Decarbonizing Heavy-Duty Transportation

Clean Energy Trust recently hosted an expert discussion about decarbonizing the heavy-duty transportation industry. Participants included representatives from three different transportation modes - rail, air, and sea. The panel talked about decarbonization and the technological challenges that prevent companies from adopting battery power innovation.


Port of Los Angeles, Los Angeles, CA, USA. Photo by Barrett Ward on Unsplash
Port of Los Angeles, Los Angeles, CA, USA. Photo by Barrett Ward on Unsplash

What is Decarbonization

Decarbonization is the process of reducing carbon dioxide (CO2) emissions in the atmosphere that come from human activity. Expert scientists are urging robust decarbonization to mitigate global warming and to save our earth. To achieve decarbonization goals (ideally zero net emission), we must reconsider how we produce and consume energy while looking for alternative processes and renewable and low carbon energy sources.


How Companies are Working Toward Decarbonization

Some well-known companies within the transportation and logistics industries are currently testing alternative renewable and low carbon energy sources. BNSF Railway, Boeing, and Maersk shared their plans during Clean Energy Trust’s webinar.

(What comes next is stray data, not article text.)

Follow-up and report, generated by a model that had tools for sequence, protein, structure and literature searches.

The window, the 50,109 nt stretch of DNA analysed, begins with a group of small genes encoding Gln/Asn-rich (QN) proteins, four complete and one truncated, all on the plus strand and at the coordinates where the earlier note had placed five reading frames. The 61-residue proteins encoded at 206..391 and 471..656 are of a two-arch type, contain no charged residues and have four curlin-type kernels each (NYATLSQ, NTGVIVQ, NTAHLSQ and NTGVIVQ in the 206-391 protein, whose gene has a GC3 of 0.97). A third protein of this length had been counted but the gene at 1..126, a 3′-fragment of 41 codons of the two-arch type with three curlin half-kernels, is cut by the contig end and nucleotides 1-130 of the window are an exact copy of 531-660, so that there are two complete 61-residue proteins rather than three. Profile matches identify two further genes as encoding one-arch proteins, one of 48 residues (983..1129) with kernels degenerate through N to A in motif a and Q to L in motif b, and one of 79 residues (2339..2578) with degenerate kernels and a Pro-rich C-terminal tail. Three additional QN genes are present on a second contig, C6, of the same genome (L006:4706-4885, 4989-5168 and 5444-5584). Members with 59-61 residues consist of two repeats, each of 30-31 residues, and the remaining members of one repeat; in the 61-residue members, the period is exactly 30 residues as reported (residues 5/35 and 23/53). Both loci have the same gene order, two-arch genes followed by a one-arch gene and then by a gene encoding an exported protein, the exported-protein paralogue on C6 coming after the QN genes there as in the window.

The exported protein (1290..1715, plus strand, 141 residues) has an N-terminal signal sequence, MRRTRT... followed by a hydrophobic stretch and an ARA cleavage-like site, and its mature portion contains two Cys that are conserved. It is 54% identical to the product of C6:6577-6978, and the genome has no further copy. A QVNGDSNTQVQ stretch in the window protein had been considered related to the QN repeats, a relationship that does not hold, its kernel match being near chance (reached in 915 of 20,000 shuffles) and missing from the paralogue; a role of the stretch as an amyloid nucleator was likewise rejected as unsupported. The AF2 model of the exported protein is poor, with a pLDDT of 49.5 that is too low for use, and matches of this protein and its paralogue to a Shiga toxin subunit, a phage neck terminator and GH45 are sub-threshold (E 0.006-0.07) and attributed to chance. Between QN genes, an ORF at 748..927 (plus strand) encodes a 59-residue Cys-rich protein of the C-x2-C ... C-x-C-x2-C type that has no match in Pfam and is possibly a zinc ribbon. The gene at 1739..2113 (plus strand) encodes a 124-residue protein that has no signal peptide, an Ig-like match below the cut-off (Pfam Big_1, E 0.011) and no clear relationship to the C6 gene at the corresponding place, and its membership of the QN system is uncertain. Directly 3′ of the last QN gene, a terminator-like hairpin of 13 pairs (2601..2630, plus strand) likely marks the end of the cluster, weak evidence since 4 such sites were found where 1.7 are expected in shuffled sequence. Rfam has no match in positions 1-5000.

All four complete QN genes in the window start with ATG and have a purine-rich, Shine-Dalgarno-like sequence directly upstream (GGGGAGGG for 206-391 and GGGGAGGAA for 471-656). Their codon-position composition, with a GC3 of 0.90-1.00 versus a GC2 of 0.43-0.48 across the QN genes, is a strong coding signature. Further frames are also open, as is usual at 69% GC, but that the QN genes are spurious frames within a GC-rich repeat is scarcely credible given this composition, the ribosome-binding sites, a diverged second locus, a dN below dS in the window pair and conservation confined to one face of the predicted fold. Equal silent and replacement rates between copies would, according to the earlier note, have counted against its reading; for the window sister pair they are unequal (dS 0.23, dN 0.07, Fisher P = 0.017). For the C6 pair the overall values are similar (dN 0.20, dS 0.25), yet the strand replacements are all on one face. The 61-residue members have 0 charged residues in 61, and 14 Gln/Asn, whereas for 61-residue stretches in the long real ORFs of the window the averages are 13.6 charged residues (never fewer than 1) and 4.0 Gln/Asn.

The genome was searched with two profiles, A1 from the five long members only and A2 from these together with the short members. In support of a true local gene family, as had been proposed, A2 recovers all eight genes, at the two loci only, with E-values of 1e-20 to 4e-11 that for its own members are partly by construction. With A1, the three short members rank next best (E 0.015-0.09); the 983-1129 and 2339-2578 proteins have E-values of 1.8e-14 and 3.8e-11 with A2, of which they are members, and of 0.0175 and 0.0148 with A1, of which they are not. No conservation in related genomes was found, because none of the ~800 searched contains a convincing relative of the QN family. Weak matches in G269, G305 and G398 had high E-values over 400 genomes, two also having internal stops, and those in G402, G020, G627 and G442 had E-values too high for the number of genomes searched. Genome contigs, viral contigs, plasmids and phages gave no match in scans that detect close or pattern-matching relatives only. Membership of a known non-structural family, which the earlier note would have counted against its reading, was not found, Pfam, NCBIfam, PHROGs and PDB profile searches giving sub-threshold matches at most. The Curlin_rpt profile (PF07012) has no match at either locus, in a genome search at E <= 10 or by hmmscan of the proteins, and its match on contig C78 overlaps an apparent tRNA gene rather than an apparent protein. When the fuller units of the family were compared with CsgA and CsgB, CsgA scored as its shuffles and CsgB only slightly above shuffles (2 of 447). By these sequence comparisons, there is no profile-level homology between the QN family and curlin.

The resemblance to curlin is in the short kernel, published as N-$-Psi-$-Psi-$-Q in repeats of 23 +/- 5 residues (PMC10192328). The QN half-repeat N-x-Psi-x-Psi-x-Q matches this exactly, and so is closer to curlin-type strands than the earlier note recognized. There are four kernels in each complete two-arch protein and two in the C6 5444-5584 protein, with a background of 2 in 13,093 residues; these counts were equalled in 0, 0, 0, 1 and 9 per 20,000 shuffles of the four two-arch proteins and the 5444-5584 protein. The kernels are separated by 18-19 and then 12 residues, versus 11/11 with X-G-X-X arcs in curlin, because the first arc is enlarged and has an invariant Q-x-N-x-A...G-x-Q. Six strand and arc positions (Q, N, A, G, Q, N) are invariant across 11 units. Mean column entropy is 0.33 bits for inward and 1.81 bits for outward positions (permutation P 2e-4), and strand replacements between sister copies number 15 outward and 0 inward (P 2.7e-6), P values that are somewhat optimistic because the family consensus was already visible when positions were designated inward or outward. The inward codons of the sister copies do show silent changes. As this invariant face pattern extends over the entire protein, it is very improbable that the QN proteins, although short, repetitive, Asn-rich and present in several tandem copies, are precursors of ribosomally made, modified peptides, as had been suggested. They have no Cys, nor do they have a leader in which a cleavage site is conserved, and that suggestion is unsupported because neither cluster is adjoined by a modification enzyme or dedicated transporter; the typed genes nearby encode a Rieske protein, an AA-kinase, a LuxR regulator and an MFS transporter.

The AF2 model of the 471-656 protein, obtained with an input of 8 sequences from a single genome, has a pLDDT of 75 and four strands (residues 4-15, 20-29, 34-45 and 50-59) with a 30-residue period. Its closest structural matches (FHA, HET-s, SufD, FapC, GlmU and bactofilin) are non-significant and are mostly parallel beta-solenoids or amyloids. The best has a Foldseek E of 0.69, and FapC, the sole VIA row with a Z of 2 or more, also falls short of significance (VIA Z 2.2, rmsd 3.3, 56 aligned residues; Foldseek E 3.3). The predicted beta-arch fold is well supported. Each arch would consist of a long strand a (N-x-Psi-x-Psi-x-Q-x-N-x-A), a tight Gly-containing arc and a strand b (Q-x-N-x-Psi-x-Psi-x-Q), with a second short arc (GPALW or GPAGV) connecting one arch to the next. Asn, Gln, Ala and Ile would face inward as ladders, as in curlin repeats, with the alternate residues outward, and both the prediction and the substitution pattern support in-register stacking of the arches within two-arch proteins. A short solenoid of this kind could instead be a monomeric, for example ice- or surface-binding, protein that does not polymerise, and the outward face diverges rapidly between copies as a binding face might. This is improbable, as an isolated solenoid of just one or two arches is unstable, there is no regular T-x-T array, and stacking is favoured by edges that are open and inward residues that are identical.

• John Lovenburg, Environmental Vice President at BNSF, shared that BNSF is working towards a defined carbon target. The company is focused on reducing carbon intensity by increasing the use of renewable electricity. They have completed battery electrical locomotive prototypes and hydrogen locomotive tests. BNSF plans to test this innovative locomotive paired with diesel locomotives to power a freight train traveling from Stockton to Barstow, CA. The battery-electric locomotive is expected to store 2,400 kilowatt-hours of power and reduce fuel consumption by 10-15% when traveling between Stockton and Barstow.


  • According to Dale Smith, Regional Director & Environmental Strategy at Boeing, Boeing met their carbon neutrality goal through traditional carbon offset trading. The company is strongly committed to renewable energy adoption for its products as well as operations. Boeing has keenly focused on sustainable aviation fuel solutions. Bio-feed stocks, agricultural waste, electro fuels, waste gas, power liquids, and green hydrogen are possible solutions to achieve decarbonization. Boeing has assumed that the company is still several decades away from getting a 777-sized plane up in the air with just electricity.